Remember that ‘50s monster movie Them that was all about the giant ants in the sewers? If you don’t, hit Netflix and check it out. Seeing it on TV when I was in elementary school scared the pee out of me because I hate, hate, hate ants. Period. Ask anyone. Did I mention I hate ants?
Well there’s an insidious creature out there in the sea that gives me the willies just about as much as ants: jelly fish. They’re pretty and all but when those tentacles touch your skin you wish you had never been born. Or I do anyway. Being mildly allergic my first jelly fish sting was kind of like being hit in the sternum by a lineman’s helmet just as someone set fire to my arm. Now I carry Benadryl and vinegar in my beach bag. So, of course, no stings since then.
All the same, while doing a little research for the second annual Horror on the High Seas Week I found out that pirates would sometimes use jelly fish as torture devices. The most popular one for the purpose of getting a captive to talk was the huge, ominous globe shown above: a Portuguese Man of War. Imagine my horror when I delved even more into these delightfully scary creatures and found out that just one was not an individual at all but a group of four polyps banded together to form a colony. A Portuguese Man of War is not an “it”, it’s a “them”. Oh yeah, and it’s also not a jelly fish.
The uppermost polyp is a gas-filled bladder called a pneumatophore which lets the creature(s) float and bob in the current and sometimes be pushed along by the breeze. This polyp gave the things their name; someone thought it looked like a warship in full sail. The next polyp is the tentacles. These have been recorded at up to 165 feet but most sources agree that 30 feet in length is about average. The tentacles have barbs, like a harpoon, and are covered with nematocysts filled with venom. When touching human flesh the burning pain can be intense and the injected toxin will scar the skin. Depending on the number of stings and a person’s sensitivity to the toxin, a Portuguese Man of War can potential kill a human being. Especially cheerful is the fact that dead creatures washed up on shore and even free-floating tentacles in the water can continue to inflict painful stings for hours. The other two polyps control digestion and reproduction.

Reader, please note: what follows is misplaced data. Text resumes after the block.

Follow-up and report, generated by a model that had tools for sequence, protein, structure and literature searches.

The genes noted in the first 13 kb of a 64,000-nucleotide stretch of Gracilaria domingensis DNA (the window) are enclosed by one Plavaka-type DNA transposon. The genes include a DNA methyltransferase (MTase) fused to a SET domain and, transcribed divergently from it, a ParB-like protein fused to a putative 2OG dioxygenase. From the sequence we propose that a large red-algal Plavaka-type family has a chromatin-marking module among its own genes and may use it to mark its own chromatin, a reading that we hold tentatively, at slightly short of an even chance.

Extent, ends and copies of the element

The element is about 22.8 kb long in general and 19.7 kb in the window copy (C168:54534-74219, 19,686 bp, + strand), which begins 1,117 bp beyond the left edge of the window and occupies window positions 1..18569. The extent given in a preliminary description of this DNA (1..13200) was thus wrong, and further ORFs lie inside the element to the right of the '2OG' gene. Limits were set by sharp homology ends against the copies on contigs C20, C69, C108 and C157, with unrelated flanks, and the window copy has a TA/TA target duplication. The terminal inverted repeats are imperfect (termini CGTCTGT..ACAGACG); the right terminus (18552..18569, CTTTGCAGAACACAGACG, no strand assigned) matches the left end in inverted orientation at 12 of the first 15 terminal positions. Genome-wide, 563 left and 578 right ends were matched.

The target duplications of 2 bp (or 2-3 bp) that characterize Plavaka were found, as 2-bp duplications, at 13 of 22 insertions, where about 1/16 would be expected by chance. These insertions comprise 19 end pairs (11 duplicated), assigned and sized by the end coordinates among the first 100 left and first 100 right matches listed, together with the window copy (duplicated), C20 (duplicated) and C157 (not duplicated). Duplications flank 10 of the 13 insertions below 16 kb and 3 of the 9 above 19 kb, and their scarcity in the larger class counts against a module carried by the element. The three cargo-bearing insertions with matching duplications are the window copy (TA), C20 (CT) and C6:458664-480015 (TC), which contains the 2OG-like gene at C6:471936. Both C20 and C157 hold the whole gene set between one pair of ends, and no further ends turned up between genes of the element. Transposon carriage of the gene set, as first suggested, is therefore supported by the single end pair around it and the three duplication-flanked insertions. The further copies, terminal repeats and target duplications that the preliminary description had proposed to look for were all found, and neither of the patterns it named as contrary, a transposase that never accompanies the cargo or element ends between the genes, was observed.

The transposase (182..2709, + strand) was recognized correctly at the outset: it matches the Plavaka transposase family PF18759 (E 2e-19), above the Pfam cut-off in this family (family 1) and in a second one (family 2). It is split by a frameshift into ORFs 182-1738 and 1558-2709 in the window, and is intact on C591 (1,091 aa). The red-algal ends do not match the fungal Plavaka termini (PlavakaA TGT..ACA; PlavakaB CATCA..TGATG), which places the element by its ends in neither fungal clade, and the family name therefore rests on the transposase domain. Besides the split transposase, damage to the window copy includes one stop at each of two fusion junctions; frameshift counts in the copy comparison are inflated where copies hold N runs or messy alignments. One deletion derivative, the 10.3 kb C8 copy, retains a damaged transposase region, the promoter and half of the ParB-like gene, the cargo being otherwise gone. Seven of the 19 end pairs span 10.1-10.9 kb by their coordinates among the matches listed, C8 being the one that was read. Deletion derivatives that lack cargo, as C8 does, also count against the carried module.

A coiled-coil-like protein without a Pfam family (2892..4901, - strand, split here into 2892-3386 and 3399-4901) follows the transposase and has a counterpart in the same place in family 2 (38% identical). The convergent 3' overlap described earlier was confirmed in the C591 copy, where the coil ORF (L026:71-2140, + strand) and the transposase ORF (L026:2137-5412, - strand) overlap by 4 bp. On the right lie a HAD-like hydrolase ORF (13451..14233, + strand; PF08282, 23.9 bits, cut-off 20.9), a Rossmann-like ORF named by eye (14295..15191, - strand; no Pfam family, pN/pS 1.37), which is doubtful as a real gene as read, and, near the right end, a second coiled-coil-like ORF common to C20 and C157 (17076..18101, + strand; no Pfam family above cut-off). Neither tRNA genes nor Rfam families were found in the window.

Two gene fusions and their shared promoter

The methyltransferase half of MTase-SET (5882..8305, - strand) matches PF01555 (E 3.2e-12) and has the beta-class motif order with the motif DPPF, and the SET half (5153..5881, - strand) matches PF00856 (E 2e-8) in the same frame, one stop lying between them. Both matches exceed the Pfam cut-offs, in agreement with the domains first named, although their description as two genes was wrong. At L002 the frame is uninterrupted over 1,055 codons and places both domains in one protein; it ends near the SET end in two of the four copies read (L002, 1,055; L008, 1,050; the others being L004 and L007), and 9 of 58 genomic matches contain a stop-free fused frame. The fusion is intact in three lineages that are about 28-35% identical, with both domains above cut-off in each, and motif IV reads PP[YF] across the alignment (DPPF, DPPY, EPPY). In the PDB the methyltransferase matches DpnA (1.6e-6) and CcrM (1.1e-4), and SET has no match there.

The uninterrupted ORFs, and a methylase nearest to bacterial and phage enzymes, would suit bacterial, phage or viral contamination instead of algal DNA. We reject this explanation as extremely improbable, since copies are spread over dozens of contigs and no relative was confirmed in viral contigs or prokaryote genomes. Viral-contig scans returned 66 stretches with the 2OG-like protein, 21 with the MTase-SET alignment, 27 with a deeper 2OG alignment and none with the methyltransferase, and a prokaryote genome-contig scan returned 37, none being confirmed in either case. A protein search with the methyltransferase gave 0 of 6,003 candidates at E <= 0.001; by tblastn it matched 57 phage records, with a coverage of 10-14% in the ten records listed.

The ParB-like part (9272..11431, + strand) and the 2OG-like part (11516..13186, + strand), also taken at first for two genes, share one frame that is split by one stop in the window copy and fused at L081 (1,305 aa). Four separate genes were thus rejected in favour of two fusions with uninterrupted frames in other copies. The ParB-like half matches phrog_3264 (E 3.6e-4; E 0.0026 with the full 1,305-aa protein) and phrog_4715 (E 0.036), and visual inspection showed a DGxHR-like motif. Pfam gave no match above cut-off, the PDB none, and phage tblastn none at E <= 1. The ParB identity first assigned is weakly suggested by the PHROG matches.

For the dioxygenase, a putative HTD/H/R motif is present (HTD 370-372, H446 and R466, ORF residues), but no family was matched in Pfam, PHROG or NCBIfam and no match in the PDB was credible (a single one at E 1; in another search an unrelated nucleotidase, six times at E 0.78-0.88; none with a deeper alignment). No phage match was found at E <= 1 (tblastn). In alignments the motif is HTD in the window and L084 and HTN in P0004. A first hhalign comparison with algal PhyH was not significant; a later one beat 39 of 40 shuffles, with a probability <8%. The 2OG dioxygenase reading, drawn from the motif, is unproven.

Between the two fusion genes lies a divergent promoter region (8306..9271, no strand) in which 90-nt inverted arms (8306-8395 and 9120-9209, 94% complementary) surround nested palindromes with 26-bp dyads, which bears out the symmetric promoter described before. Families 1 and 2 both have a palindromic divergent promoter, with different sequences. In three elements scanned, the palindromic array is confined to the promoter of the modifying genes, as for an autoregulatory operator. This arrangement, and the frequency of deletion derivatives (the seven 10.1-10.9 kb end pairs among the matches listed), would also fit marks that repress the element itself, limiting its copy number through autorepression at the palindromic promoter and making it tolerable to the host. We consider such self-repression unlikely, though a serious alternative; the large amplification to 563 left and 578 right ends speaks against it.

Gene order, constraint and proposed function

Portuguese Man of War eat fish up to the size of a mackerel and they frequently have parasitic fish called Nomeus that live in their tentacles, even feeding off them, for their life cycle. Some scientists speculate that the Nomeus acts as a lure which attracts larger fish to its host but is immune to the neurotoxin. The Portuguese Man of War ranges the ocean and sea waters north and south of the equator, including the Gulf of Mexico, Caribbean, Mediterranean, Indian Ocean and South China Sea. Some of the largest specimens have been seen in and around Australia and they tend to range in packs of up to 1,000. Quite a sight, as long as you’re not in the water with them.
Because the Portuguese Man of War is so often mistakenly tagged a jelly fish, the usual cures for jelly fish stings are frequently applied to the skin when a Portuguese Man of War has been encountered. In fact vinegar, urine and other ammonia based cures only make the burning sensation more pronounced and increase the possibility of scarring. Cold water or, if at all possible, ice should be applied to the affected area and the skin left out in the air rather than bandaged. The worst of the burning will usually pass within an hour but trouble with breathing or continued or increased pain or redness at the site are a good sign that medical attention is needed.
And what of our pirate scooping a Portuguese Man of War out of the water with his cutlass and dangling it in front of his captive’s face to elicit the location of some treasure or other? Well, it wouldn’t be fair to spoil all the joys of Horror on the High Seas five weeks before we’ve even begun. Besides, I’m quite certain your imaginations can give you some inkling of what a clever pirate could do with “them”.
Picture via National Geographic Animals